The Corpus Hermeticum
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Pages (PDF): 103
Publication Date: 1906
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This translation (taken From 'Thrice Greatest Hermes: Studies In Hellenistic Theosophy And Gnosis, Volume 2'), includes the Pœmandres and some addresses of Hermes to disciples Tat, Ammon and Asclepius, which are said to have originated in the school of Ammonius Saccas, a Greek philosopher from Alexandria.
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The fifteen tractates of the Corpus Hermeticum, along with the Perfect Sermon or Asclepius, are the foundation documents of the Hermetic tradition. Written by unknown authors in Egypt sometime before the end of the third century C.E., they were part of a once substantial literature attributed to the mythic figure of Hermes Trismegistus, a Hellenistic fusion of the Greek god Hermes and the Egyptian god Thoth.
This literature came out of the same religious and philosophical ferment that produced Neoplatonism, Christianity, and the diverse collection of teachings usually lumped together under the label "Gnosticism": a ferment which had its roots in the impact of Platonic thought on the older traditions of the Hellenized East. There are obvious connections and common themes linking each of these traditions, although each had its own answer to the major questions of the time.
The treatises we now call the Corpus Hermeticum were collected into a single volume in Byzantine times, and a copy of this volume survived to come into the hands of Lorenzo de Medici's agents in the fifteenth century. Marsilio Ficino, the head of the Florentine Academy, was pulled off the task of translating the dialogues of Plato in order to put the Corpus Hermeticum into Latin first. His translation saw print in 1463, and was reprinted at least twenty-two times over the next century and a half.
The treatises divide up into several groups. The first (CH I), the "Poemandres", is the account of a revelation given to Hermes Trismegistus by the being Poemandres or "Man-Shepherd", an expression of the universal Mind. The next eight (CH II-IX), the "General Sermons", are short dialogues or lectures discussing various basic points of Hermetic philosophy. There follows the "Key" (CH X), a summary of the General Sermons, and after this a set of four tractates - "Mind unto Hermes", "About the Common Mind", "The Secret Sermon on the Mountain", and the "Letter of Hermes to Asclepius" (CH XI-XIV) - touching on the more mystical aspects of Hermeticism. The collection is rounded off by the "Definitions of Asclepius unto King Ammon" (CH XV), which may be composed of three fragments of longer works.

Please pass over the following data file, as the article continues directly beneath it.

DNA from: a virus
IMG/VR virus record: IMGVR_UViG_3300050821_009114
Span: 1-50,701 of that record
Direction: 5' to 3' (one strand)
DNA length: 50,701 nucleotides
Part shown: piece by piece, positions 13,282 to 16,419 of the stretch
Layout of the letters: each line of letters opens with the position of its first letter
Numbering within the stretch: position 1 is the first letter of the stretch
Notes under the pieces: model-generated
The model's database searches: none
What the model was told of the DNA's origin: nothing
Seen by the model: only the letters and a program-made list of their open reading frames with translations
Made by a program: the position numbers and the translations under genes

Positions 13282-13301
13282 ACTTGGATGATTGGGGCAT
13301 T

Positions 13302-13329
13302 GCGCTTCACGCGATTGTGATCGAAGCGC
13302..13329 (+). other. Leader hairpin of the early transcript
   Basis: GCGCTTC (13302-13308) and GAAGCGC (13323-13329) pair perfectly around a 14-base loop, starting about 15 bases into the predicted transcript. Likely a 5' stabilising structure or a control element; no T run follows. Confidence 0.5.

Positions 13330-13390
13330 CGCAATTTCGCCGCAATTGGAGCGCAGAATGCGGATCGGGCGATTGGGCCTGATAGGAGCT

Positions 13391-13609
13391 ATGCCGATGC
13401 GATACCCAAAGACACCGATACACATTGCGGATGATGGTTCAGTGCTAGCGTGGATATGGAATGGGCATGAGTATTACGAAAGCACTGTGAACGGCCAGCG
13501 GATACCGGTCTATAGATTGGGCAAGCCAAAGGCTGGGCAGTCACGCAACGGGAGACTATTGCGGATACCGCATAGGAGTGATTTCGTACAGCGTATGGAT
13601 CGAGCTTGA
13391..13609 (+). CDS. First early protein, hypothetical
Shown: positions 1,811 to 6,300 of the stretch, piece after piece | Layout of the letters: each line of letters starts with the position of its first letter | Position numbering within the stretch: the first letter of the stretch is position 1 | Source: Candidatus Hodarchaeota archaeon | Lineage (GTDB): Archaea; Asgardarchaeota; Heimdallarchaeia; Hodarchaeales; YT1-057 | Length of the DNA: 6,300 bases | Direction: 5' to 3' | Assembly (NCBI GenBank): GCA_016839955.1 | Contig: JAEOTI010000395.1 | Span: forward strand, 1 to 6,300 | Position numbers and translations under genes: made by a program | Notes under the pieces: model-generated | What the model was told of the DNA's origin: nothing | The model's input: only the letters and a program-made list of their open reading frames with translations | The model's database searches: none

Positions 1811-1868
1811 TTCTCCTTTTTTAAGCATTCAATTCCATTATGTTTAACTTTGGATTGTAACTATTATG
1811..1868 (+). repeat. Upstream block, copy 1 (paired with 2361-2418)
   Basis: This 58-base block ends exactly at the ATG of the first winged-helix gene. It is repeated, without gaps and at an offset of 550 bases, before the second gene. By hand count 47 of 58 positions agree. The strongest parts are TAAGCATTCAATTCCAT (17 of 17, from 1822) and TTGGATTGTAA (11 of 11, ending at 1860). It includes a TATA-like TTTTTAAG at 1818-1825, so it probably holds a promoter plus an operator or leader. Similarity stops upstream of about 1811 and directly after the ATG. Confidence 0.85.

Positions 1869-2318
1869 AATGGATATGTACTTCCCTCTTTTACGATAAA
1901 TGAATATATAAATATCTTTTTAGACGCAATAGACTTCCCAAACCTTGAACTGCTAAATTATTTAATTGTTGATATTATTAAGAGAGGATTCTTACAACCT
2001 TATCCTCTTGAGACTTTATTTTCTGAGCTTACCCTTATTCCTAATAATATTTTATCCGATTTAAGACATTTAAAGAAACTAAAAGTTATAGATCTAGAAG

The Perfect Sermon
The Perfect Sermon or Asclepius, which is also included here, reached the Renaissance by a different route. It was translated into Latin in ancient times, reputedly by the same Lucius Apuleius of Madaura whose comic-serious masterpiece The Golden Ass provides some of the best surviving evidence on the worship of Isis in the Roman world. Augustine of Hippo quotes from the old Latin translation at length in his City of God, and copies remained in circulation in medieval Europe all the way up to the Renaissance. The original Greek version was lost, although quotations survive in several ancient sources.
The Perfect Sermon is substantially longer than any other surviving work of ancient Hermetic philosophy. It covers topics which also occur in the Corpus Hermeticum, but touches on several other issues as well - among them magical processes for the manufacture of gods and a long and gloomy prophecy of the decline of Hermetic wisdom and the end of the world.
The Significance of the Hermetic Writings
The Corpus Hermeticum landed like a well-aimed bomb amid the philosophical systems of late medieval Europe. Quotations from the Hermetic literature in the Church Fathers (who were never shy of leaning on pagan sources to prove a point) accepted a traditional chronology which dated "Hermes Trismegistus," as a historical figure, to the time of Moses. As a result, the Hermetic tractates' borrowings from Jewish scripture and Platonic philosophy were seen, in the Renaissance, as evidence that the Corpus Hermeticum had anticipated and influenced both. The Hermetic philosophy was seen as a primordial wisdom tradition, identified with the "Wisdom of the Egyptians" mentioned in Exodus and lauded in Platonic dialogues such as the Timaeus. It thus served as a useful club in the hands of intellectual rebels who sought to break the stranglehold of Aristotelian scholasticism on the universities at this time.
It also provided one of the most important weapons to another major rebellion of the age - the attempt to reestablish magic as a socially acceptable spiritual path in the Christian West. Another body of literature attributed to Hermes Trismegistus was made up of astrological, alchemical and magical texts. If, as the scholars of the Renaissance believed, Hermes was a historical person who had written all these things, and if Church Fathers had quoted his philosophical works with approval, and if those same works could be shown to be wholly in keeping with some definitions of Christianity, then the whole structure of magical Hermeticism could be given a second-hand legitimacy in a Christian context. This didn't work, of course; the radical redefinition of Western Christianity that took place in the Reformation and Counter-Reformation hardened doctrinal barriers to the point that people were being burned in the sixteenth century for practices that were considered evidences of devoutness in the fourteenth. The attempt, though, made the language and concepts of the Hermetic tractates central to much of post-medieval magic in the West.
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